Johnathan Cilia September 13, 2017
Glitch Festival 2017: Malta’s Techno Stronghold
It’s easy to see the success of the Maltese techno and electronic music scene in 2017. With more and more foreign artists coming to the island, bigger festival names entering the Maltese calendar and international outlets hailing Malta as a new dance hotspot, it seems like all is coming together fine.
But to see this without seeing the decades of work, dedication and underground events that set-up this rich framework would do a disservice to those who danced before us. Groups like Squadron, Shift and Badbox held techno events in the years when the crowds were smaller, the budget tighter, the scene not as settled and firm.
Walking into Glitch Festival 2017 seems like the ball that starting rolling years ago has finally crossed a certain line. With a full-on festival vibe unlike Creamfields or other similar festivals in Malta, Malta’s very own house and techno fortress loomed above everyone in Gianpula fields, set up by Maltese people with a clear plan for longterm domination.
With a packed line-up that featured everything from the hottest current producers to some international legends, Glitch had something for anyone with even a slight interest in electronic music.
The Glitch team, which consists of members of the aforementioned squads, wanted to create a balanced event that covered the interests of all of the team, in effect covering most of the interests of the Maltese market, and this is strongly reflected in the lineup.
That said, there were a good number of foreigners at the event as well, showing that Glitch’s allure reaches beyond the Maltese shores, and that the festival’s bill was something to get excited about wherever you were.
This could be seen on the first day on the main stage. After having the crowd warmed up by sets from local DJ manthrax and German DJ Recondite, British musician Jon Hopkins hit the stage to give the crowd an hour and a half of his progressive electronica.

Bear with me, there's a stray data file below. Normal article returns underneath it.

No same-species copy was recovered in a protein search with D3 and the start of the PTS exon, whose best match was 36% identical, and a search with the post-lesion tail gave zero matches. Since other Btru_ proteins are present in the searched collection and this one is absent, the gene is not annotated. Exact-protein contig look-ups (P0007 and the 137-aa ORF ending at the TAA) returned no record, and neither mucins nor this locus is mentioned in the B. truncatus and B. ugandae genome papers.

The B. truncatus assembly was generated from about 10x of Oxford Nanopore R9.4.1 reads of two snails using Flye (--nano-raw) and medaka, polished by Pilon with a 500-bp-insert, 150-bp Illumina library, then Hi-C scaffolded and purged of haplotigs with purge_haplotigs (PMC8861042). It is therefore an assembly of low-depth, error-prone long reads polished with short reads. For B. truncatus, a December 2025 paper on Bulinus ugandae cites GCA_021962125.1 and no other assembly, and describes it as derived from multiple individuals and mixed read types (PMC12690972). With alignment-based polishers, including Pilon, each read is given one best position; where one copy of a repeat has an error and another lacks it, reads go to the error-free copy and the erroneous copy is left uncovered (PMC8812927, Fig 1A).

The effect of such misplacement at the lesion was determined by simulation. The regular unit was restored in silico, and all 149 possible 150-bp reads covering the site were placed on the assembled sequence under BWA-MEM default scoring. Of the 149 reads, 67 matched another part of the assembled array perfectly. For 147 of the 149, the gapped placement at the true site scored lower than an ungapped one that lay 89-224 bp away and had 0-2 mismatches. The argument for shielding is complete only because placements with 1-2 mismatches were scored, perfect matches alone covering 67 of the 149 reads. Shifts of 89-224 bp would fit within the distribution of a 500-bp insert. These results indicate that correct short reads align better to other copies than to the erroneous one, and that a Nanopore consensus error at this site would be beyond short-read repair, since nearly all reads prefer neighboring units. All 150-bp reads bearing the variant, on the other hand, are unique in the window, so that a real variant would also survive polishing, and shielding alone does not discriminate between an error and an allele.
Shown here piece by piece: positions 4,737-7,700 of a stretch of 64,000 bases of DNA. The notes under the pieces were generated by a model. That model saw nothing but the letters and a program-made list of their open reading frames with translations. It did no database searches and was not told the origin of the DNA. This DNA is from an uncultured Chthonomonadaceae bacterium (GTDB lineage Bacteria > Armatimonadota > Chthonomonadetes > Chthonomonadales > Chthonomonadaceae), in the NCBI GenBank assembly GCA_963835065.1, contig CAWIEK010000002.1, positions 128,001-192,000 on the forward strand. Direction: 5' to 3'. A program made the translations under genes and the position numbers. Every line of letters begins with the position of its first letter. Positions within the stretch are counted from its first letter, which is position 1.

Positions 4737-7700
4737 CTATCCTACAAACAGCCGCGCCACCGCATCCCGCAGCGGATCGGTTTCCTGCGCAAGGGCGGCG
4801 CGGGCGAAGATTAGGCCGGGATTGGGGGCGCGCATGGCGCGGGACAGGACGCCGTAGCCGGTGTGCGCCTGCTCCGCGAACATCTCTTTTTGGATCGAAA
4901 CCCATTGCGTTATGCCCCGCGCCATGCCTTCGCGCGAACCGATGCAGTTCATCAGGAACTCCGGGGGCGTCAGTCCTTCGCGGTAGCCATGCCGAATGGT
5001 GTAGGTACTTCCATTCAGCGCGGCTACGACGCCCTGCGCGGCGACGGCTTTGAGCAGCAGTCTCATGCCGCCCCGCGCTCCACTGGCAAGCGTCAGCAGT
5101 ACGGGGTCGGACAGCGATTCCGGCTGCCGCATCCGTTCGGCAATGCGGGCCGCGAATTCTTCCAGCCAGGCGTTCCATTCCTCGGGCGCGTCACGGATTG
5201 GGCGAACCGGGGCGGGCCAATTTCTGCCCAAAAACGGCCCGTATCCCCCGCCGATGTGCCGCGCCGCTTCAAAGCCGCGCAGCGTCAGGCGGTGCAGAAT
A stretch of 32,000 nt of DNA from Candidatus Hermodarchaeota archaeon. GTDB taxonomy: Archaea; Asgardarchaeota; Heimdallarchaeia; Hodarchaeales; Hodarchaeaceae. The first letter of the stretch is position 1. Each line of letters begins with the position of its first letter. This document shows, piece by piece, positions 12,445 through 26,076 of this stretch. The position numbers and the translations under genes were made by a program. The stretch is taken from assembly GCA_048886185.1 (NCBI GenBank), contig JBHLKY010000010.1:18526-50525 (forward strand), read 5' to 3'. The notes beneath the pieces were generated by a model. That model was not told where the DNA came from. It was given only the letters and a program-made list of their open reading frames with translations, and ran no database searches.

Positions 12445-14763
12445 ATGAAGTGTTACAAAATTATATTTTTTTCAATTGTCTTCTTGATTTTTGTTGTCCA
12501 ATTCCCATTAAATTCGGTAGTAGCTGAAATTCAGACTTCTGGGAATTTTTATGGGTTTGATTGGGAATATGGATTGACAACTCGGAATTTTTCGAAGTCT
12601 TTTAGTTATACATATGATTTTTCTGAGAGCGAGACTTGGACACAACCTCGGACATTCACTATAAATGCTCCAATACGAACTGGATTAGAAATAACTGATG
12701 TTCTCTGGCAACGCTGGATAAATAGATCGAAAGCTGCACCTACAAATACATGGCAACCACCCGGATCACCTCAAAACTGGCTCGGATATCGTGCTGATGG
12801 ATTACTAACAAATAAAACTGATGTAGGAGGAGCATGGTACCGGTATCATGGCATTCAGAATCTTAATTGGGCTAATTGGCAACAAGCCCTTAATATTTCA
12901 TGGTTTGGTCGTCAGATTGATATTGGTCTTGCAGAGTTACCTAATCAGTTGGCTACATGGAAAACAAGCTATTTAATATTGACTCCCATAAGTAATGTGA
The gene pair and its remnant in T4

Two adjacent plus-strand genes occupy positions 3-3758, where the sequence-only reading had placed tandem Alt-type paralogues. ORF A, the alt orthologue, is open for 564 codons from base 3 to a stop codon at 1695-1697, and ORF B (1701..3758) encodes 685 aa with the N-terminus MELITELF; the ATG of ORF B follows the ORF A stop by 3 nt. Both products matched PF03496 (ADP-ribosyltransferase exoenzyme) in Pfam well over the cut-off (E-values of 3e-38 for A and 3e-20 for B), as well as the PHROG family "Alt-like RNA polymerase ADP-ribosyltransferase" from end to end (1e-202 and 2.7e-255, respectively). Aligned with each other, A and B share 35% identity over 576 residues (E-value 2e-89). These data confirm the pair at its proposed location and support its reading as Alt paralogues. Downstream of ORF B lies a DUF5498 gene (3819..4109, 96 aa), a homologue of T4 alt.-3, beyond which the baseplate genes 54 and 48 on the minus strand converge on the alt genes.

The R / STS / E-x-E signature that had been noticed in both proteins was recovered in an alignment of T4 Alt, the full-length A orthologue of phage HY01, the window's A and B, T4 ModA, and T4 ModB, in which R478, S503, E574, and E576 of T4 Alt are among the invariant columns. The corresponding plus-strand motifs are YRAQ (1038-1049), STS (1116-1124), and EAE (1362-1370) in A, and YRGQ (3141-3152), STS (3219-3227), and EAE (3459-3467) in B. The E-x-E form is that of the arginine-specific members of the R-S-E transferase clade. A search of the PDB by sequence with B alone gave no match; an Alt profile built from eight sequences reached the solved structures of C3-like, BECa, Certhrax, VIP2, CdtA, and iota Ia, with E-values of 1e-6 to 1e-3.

Jon Hopkins has worked with everyone from Brian Eno to Coldplay, and it showed in his melodic take on techno – long build-ups leading into deep semi-drops that keep you waiting for more. Mixing elements of ambient into this pulsating, evolving sound delivered a gripping but not overwhelming fusion.
One certain DJ that you could tell the crowd were hyped to see was Maceo Plex. He took the stage and started off with a soundscape that seemed to never end – but the people still kept their arms in the air, irregardless of whether there was a beat or not. Eventually, the opening chords of Polygon Pulse by Maceo Plex feat. DNCN started fading in, to the rapture of the crowd.
Once he started flowing, he got to work. His pounding techno with a modern touch also brought in classic acid sounds for good measure and Maceo Plex deftly employed rolling snares on the regular, bringing in fills just where they were needed. This was evident in tracks like The Journey by Florian Meindl or Techno Rausch by Theo Schmitt.
At one point in his set he unleashed a drop that was perfectly timed with a line of fireworks that burst from behind the stage; it was quite the scene.
Over at the Cosmic Stage Cain was picking up the tempo on the vinyls. Mixing electro-influenced sounds with bold techno and some progressive and acid touches, his set was a great alternative to the Fortress Stage.